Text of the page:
Book Review: Celebrating the words - and worlds - of women

Dina Ezzat , Saturday 16 Mar 2024

Moussem Ketabet Al-Banat – Waportraihat Okhra (A Season for Girls’ Writing – and Other Portraits) offers an insight into the early chapters of some of today’s prominent Egyptian and other Arab women writers.



Moussem Ketabet Al-Banat – Waportraihat Okhra (“A Season for Girls’ Writing – and Other Portraits”), by Arosyat Al-Naloti: Al-Ain. 2010. pp. 241.

“Women have always had a way of telling their stories; for long centuries they told their stories – often in poems… over time they started to write… First, they write about their emotions… and later write about all types of issues… writing gives women a way to liberate their souls and ideas.”

This was how Tunisian author Arosyat Al-Naloti summarised the association between women and writing in her book celebrating women’s words and worlds.

Moussem Ketabet Al-Banat compiles ten interviews with female authors, mostly Egyptian, that Al-Akhbar’s former culture editor, Breksam Ramadan, conducted and published in the daily paper during the second half of the 1990s.

In all ten interviews, Ramadan gets the writers to reflect on the essence of writing and its association with their womanhood.

Mostly, the authors express something about writing as a path – maybe even a process – of liberation of the soul or the mind. At times, they even express how writing can, in an abstract sense, liberate the body. They speak of how writing can allow them to see through their weaknesses, frailties, and pains.

The association of writing with the healing of pain is present in almost every testimony that Ramadan collected.

In an interview published in 1995, the famous novelist Miral Al-Tahawy tells Ramadan that her writing journey was her way to come face-to-face and reconcile to her weaknesses, inabilities, and fears.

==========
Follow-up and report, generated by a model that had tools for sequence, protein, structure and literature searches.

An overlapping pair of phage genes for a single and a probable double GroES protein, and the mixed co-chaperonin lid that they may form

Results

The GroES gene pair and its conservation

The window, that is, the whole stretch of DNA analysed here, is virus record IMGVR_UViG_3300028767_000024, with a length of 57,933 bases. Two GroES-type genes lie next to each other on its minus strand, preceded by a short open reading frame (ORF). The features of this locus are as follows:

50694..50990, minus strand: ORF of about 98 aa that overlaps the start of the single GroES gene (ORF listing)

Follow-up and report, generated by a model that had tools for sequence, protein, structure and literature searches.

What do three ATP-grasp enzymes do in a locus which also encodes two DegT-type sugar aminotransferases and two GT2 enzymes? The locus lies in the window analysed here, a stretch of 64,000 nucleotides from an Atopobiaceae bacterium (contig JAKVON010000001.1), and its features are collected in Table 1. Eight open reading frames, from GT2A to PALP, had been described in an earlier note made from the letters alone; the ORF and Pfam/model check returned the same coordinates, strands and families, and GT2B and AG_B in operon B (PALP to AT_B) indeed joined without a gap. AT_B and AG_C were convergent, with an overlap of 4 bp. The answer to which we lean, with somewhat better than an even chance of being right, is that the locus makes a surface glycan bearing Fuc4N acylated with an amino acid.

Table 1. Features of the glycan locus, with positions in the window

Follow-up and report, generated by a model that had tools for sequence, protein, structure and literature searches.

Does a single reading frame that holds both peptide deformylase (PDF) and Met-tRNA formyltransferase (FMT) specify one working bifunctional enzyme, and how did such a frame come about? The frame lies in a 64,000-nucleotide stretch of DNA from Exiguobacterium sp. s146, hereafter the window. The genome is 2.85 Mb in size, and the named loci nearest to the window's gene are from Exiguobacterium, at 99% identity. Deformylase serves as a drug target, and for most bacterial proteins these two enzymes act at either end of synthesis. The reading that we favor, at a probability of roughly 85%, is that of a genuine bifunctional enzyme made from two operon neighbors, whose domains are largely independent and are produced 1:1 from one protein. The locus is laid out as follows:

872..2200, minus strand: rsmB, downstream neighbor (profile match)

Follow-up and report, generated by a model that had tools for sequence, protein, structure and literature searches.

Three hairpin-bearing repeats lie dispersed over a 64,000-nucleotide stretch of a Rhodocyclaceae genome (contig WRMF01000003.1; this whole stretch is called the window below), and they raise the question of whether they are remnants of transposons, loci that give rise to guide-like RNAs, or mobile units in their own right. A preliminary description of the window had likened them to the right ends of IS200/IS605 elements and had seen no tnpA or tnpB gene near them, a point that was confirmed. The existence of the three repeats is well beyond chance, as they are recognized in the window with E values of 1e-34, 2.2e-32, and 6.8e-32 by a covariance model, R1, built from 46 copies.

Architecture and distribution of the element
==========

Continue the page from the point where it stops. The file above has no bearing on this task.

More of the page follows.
Writing, Al-Tahawy says, was her way to heal and share the essence of her experience as a woman growing up with masked and unmasked taboos but also with grand – even if timid and hesitant – dreams.

In her 1995 interview with Ramadan, Iman Mersal, another famous Egyptian writer, speaks of a journey through writing that allowed her to express herself away from the constraints of all set frames and formats.

Writing was also Mersal’s way to find the strength to slowly and firmly create her own space, “despite the clear fragility,” in what she thought was a tough cultural milieu that did not seem to be welcoming of any new talent.

Novelist Manal El-Kady, whose interview with Ramadan was published in 1996, speaks of writing as a way of reconciling the pain from her profession as a physician. Pain and healing, El-Kady tells Ramadan, come together in a connecting thread of life, medicine, and writing.

The interviews with the female writers are only one part of the book. It also assembles many other interesting interviews that Ramadan conducted with leading literary figures in the 1990s.

Many of these interviews allow authors to share their reflections on the women in their lives. Many speak of their mothers and some speak of the women they loved.

Vernacular Poet Ahmed Fouad Nigm speaks of his mother who inspired his love for women and Abdel-Rahman Al-Abnoudi says that poetry to him was like his mother – neither can escape his mind for long.

This book is a documentation of the cultural scene in Egypt during the last decade of the 20th century and a celebration of the literary talents of Egypt and other Arab countries.

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